Every week, there's a cornucopia of Phoenix food news, features, and reviews to report here at Chow Bella. If you're like most people, you probably just don't have the time to get to all of it. It's kind of like those burgers at Old Town Whiskey; it just won't all fit in your mouth ... or in this case, your day. So, here's a recap of some of the top stories from the week that you may have missed.
Mystery Diners, the cheesy new reality TV show on Food Network, has been focusing its high beams on metro Phoenix for the past month, featuring Haus Murphy's in Glendale, The Groves in Gilbert, Caffe Boa in Tempe, Blue Moose in Scottsdale, Big Earl's Greasy Eats in Cave Creek and Amaro Pizzeria and Vino Lounge (also in Cave Creek) in endless loops of restaurant drama.
And, apparently, people are watching. This can be a very, very good thing or a very, very bad thing, depending on the premise and details of the episode. Read the full story.
When an argument broke out on Twitter on Thursday over whether it's appropriate for a food critic to sell ads on his blog to restaurants he's also reviewing, something sounded awfully familiar.
So we reached into the Way Back Machine (a.k.a. Google) to pluck a gem from the July 8, 1999 edition of Phoenix New Times.
The topic? "Journalist" Jess Harter -- and the line (or lack thereof) between editorial and advertising departments.
Harter, former food critic for Tribune Newspapers, has run his own food blog, Mouth by Southwest, for years. He's also been doing some reviews for the Arizona Republic and azcentral (and wrote for an extremely brief time for Chow Bella, a couple years back).
MXSW is a one-man operation -- Harter writes the copy and sells the ads. So eyebrows zoomed when he posted the link to his latest Republic review of BLD (he loved it, 4 stars) -- a restaurant that advertises on his personal blog. Read the full story.
Allen and Traci Thompson, owners of The Grind and next-door neighbor Chick Rotisserie & Wine Bar near Arcadia, appear to have branched into Tempe territory with their newest restaurant, Mad G's Grill & Tavern.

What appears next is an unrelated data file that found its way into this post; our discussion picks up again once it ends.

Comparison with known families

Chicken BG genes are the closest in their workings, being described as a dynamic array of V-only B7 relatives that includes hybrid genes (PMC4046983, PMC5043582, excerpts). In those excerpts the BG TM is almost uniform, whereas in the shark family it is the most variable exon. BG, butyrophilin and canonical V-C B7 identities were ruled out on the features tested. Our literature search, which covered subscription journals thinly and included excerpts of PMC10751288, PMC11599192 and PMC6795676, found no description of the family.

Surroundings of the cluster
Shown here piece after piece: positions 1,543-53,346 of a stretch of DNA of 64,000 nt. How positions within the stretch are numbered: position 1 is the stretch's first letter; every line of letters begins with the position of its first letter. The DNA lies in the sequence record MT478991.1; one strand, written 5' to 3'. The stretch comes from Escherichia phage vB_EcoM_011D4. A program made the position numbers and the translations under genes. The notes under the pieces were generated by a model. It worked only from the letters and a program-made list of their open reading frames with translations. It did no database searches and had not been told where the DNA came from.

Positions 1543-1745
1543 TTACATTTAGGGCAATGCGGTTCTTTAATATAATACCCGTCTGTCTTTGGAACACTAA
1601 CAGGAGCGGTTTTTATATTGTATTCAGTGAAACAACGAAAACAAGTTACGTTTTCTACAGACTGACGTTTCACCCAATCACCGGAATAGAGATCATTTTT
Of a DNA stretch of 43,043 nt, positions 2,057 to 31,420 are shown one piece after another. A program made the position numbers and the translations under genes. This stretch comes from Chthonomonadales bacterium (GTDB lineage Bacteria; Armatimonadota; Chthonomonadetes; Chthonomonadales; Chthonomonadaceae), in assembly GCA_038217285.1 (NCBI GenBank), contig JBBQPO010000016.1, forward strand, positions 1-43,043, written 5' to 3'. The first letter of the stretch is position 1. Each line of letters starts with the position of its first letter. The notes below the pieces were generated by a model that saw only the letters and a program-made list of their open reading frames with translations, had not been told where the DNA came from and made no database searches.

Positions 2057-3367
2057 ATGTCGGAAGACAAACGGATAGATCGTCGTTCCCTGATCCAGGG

Located at 19 East Broadway (Broadway and Mill), Mad G's opened Friday, June 15, describing itself as "a neighborhood establishment that serves quality food," "a quality dive," and "'pub grub' at a higher level."
Along with drink specials and weekly events, chef Bevin O'Neil has created a menu of American favorites like wings, Angus beef burgers, sandwiches, and pizzas. And Mad G's says its beer isn't only for drinking -- it's for cooking too. There's Stone Smoked Porter in the chili, Lumberyard IPA in the braised mushrooms, and the restaurant's house brew is used in the pizza dough.
The Guilty Pleasure: (Double-) Dirty Grande Soy Chai Frappuccino The Place to Get It: Starbucks Coffee; countless locations Valleywide The Cost: $5 to $7, depending on how dirty you like it and how you pay What You'll Really Pay: 350 calories with whipped cream, 240 without. Counts more as dessert or siesta-time snack than beverage.
I need to start this Guilty Pleasure by saying I love the coffee culture that's developed in the Phoenix area. There are passionate artisans all over who roast beans and hone blends to create incredible coffee. But, as with bartenders who are equally proud of their craft (yours truly pleads the fifth), ordering a frozen drink is risky. If you're lucky, you'll just get a disdainful sneer as they fire up the blender. At many places, you'll get a pompous "We . . . don't do frozen drinks here," the subtext being "How dare you wish to sully my liquid gold!"
This, my friends, is where Starbucks comes to the rescue. Read this week's entry in the guilty pleasure archives.
Yeah, yeah, it's hot outside, but we're not complaining. We're putting on our rose-colored glasses and looking at the brighter side of summer: eating as much ice cream as we want.
Okay, maybe we can't (or shouldn't) eat ice cream everyday, but we can try to cool off this summer with cold and delicious foods from around town. Wanna know what our favorites are? Here are 10 ways we cool off, in a culinary way. (Warning -- food porn ahead!)
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